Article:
I definitely want to check out a lot of these books.
Thanks for appearing on my blog, Rebecca!
Categories: Librarian Superheroes | Tags: , , , , , , | 1 Comment

Teens spread love in the face of hate at Taos Pride

I wish I’d brought my camera with me.

Gay Pride in Taos in KCP was a colorful event–dogs in bright sweaters, a drag queen with a full length rainbow boa, and happy dancers on the grass. I went to catch up with friends and listen to the music. My son’s didn’t really want to go with me until they found out there would be extreme religious protesters present. Maybe they could do a sneak attack with squirt guns? My husband suggested water balloons with rainbow paint inside.


When we got to the event, though, the reality of the protesters was way too intimidating. They had congregated at one end of the park, wearing matching hats and T-shirts, yelling disgusting and hostile things through their mega-phones. Police were present. Anyone coming in or out of the park had to walk right by them.


That’s when I noticed three teen boys holding up hand-made signs, welcoming people who dared to cross the line of hate. I don’t remember what the signs said (and didn’t have my camera!), but the messages were all about love and acceptance. Inspired by this, my sons went home with their friends to create a sign of their own–Jesus Proclaimeth That Hate Achieves Nothing.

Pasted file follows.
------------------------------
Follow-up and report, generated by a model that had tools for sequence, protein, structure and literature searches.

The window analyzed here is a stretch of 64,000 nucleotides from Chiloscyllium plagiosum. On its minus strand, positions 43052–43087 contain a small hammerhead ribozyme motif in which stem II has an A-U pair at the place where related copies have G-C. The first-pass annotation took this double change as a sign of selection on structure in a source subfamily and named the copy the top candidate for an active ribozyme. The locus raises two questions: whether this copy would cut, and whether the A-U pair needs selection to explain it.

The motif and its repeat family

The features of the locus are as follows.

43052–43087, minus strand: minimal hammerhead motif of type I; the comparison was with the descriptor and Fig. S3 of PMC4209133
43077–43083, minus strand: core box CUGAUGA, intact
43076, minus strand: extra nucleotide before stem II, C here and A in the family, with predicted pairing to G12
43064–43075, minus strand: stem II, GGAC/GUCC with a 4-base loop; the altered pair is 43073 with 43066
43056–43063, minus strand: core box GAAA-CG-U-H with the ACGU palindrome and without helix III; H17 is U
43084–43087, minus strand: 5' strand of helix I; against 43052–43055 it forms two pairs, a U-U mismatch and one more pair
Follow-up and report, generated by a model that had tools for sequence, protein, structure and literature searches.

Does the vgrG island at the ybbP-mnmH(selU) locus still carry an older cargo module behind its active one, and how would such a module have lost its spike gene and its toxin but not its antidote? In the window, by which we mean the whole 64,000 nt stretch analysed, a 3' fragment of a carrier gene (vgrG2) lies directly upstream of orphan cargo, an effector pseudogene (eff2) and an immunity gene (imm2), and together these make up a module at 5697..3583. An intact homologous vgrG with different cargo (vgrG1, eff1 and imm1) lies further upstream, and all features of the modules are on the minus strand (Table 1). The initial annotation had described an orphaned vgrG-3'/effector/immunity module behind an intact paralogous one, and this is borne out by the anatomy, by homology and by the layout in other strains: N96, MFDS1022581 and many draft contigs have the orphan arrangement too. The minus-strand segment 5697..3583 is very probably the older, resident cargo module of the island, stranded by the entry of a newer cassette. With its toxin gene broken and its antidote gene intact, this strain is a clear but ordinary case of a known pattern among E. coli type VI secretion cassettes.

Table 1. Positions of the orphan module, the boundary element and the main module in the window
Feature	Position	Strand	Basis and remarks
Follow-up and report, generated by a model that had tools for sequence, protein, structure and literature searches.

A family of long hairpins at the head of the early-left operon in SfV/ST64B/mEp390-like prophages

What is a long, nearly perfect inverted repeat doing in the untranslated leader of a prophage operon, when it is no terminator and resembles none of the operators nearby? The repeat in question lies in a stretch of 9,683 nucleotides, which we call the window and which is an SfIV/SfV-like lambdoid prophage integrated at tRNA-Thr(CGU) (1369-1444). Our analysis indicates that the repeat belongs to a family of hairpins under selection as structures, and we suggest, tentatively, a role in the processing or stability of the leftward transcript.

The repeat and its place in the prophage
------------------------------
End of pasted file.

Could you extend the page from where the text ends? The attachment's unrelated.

Categories: My Invented Life, Real Life | Tags: , , , | Leave a comment

How to alienate your family

Have you ever wondered what happens when a writer models a character in her bestselling novel on a family member? I’d imagine it goes something like this:

Yeah, Dad, you’re right. The dad in my book flies model airplanes like you do, has a mustache that twirls up at the ends like yours, and trekked across Tibet in his youth like you did, but my fictional dad is a jerk, which you are NOT. He totally isn’t you, okay?

I wrote about this today at YA Outside the Lines. You can read the whole post here.

Categories: My Invented Life, the love of writing | Tags: , , , | 2 Comments

Scholarship for 15 to 19 year olds!

I wrote this novel called My Invented Life because I wanted to. It turns out that the novel-I-wanted-to-write encouraged acceptance of lesbian, gay, bi, and trans people. Go figure.

In any case, have you done anything that encourages acceptance? I bet you have!!!

There’s a great opportunity to win a scholarship from Shooting Star Mags if you have. I’m too old *sniff*, but if you’re 15 – 19, you might want to give it a look.